Tag: Oil Spill Disaster 2010


Not much HOPE of that.

Dispersants: How the US and BP “Hides The Body”

The dispersants are a massive experiment , and most likely a huge crime has been committed on the environment, in order to cover up the oil spill–which was at least an accident.

The Coast Guard and EPA allowing their use is a criminal act. And the use of even the worst one still goes on despite media reports to the contrary.

BP Still Using Dirty Dispersant in the Gulf

– By Kate Sheppard| Sat May. 22, 2010 10:35 AM PDT

BP is continuing to use a toxic oil dispersant in the Gulf, despite the fact that the Environmental Protection Agency directed the company to find a less-dangerous chemical to use on the spill. The company said yesterday that it could not identify a better alternative.

The EPA has a list of other approved dispersants that could be used in the Gulf, many of which are less toxic than Corexit. BP has already dumped at least 670,000 gallons of Corexit at the spill site.

Will the EPA force BP to switch dispersants? That remains unclear. On Friday, EPA spokesperson Adora Andy indicated to ABC News that the agency has not outright barred BP from using their brand of choice. “It’s not that Corexit is banned,” she said. “It’s not that they have to stop using it because they’re using it right now. But it’s just that they need to switch over.”

The Loop, Gulf Stream: where will the oil go?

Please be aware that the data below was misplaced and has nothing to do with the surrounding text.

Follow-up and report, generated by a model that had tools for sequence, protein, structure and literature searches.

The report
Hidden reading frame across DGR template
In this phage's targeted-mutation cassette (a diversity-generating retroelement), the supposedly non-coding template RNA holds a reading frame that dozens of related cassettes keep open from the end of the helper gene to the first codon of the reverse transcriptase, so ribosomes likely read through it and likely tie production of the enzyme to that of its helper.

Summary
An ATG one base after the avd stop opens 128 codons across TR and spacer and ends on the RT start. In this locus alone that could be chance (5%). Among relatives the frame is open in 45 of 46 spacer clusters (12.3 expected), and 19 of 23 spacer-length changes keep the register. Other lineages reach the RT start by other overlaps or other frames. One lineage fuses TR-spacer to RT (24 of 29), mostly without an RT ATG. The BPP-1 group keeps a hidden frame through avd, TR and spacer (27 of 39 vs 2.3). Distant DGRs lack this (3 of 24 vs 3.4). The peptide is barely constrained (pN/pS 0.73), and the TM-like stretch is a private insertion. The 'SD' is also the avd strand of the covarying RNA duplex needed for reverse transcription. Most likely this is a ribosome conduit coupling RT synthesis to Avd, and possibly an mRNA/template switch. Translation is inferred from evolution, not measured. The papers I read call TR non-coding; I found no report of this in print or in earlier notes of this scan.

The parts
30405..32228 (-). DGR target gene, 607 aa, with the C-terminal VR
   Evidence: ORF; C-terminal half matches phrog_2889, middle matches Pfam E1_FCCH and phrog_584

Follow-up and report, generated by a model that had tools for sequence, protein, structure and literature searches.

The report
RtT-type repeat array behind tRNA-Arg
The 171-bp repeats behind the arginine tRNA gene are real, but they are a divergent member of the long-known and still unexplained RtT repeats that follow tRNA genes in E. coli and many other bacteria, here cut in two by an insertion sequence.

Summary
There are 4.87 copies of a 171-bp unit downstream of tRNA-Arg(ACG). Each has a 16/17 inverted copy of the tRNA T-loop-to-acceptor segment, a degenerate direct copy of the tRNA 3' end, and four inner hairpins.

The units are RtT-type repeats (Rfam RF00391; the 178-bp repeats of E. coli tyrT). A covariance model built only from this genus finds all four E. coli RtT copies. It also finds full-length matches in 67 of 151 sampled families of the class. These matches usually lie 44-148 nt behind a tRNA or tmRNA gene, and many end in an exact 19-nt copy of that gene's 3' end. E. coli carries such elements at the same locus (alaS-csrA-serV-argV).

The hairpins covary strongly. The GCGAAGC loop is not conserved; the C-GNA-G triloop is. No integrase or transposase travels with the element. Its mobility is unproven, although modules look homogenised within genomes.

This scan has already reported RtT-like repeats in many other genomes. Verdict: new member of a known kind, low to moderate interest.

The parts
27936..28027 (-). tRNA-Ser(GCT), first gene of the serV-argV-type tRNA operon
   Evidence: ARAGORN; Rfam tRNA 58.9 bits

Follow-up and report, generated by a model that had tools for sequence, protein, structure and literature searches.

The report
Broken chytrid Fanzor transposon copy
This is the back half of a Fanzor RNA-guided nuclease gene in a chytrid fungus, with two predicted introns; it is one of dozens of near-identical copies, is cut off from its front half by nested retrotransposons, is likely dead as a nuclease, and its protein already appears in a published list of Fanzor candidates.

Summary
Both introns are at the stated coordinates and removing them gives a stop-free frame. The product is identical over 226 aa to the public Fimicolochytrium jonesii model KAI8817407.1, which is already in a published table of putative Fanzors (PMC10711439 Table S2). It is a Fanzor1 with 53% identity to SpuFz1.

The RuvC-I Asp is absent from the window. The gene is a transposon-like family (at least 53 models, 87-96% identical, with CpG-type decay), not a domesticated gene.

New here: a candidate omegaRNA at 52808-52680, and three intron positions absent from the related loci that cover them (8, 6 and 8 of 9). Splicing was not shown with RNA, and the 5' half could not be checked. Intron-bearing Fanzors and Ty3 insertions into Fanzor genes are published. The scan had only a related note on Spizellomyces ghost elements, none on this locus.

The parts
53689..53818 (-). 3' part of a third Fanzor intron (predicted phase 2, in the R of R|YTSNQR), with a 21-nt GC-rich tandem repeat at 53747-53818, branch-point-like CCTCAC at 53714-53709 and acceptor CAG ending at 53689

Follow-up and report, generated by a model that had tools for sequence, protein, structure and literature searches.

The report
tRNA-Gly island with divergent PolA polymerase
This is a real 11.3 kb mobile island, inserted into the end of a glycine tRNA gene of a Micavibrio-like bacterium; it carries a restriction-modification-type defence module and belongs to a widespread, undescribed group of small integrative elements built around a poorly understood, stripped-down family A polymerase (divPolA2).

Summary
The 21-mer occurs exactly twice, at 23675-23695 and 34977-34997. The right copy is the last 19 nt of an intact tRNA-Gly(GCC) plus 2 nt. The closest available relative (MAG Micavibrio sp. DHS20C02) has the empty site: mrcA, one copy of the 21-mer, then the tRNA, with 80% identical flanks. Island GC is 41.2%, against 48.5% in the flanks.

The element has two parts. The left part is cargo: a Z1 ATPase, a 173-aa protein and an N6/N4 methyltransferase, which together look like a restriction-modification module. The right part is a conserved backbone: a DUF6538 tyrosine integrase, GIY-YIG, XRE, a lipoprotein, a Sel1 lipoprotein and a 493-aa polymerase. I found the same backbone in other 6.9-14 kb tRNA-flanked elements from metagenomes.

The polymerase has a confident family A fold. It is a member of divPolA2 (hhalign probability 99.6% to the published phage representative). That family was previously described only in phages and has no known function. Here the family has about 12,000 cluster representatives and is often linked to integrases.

Beyond Louisiana, Alabama, Mississippi. Where’s the oil now, and where is it gonna go?

Here’s a graphic of where it is now from US Today:


And, a satellite image, with loop stream superimposed (from the 17th)


It kind of looks like some of it at least is starting to spin around and around in the central gulf.

That’s just surface oil though, and due to the dispersants, we don’t know what depth it’s all at.  Speeds, and potential directions are quite different depending on depths:

Fourth, measurements of near-surface current as high as 4 knots [2 m/s] have been recorded in eddies recently detached from the Loop Current. Available data do not indicate that the maximum possible speed in the Loop Current is any less than that figure. Current profiles associated with both the Loop Current and its eddies are highly sheared. These high surface speeds drop to about 1 knot [0.5 m/s] at 650 ft [200 m] and 1/2 knot [0.25 m/s] at 130 ft [400 m] depth. Features with lower surface speeds also have lower speeds at depth.

Current predictions are that the loop may swing further west than normal, threatening the Keys either less, or just a bit later on, and the Dry Tortugas perhaps more.  The Coast Guard claims that tar balls that have washed up in the Keys are not from Deepwater Horizon. You can judge their credibility for yourself.

At some point, though, it hits the Gulf Stream:

The Stream may well act as a barrier keeping the oil on the US side, not so much towards Cuba or the Bahamas. Seems like that’s what’s happening in this huge image (hat tip to Wolverine6)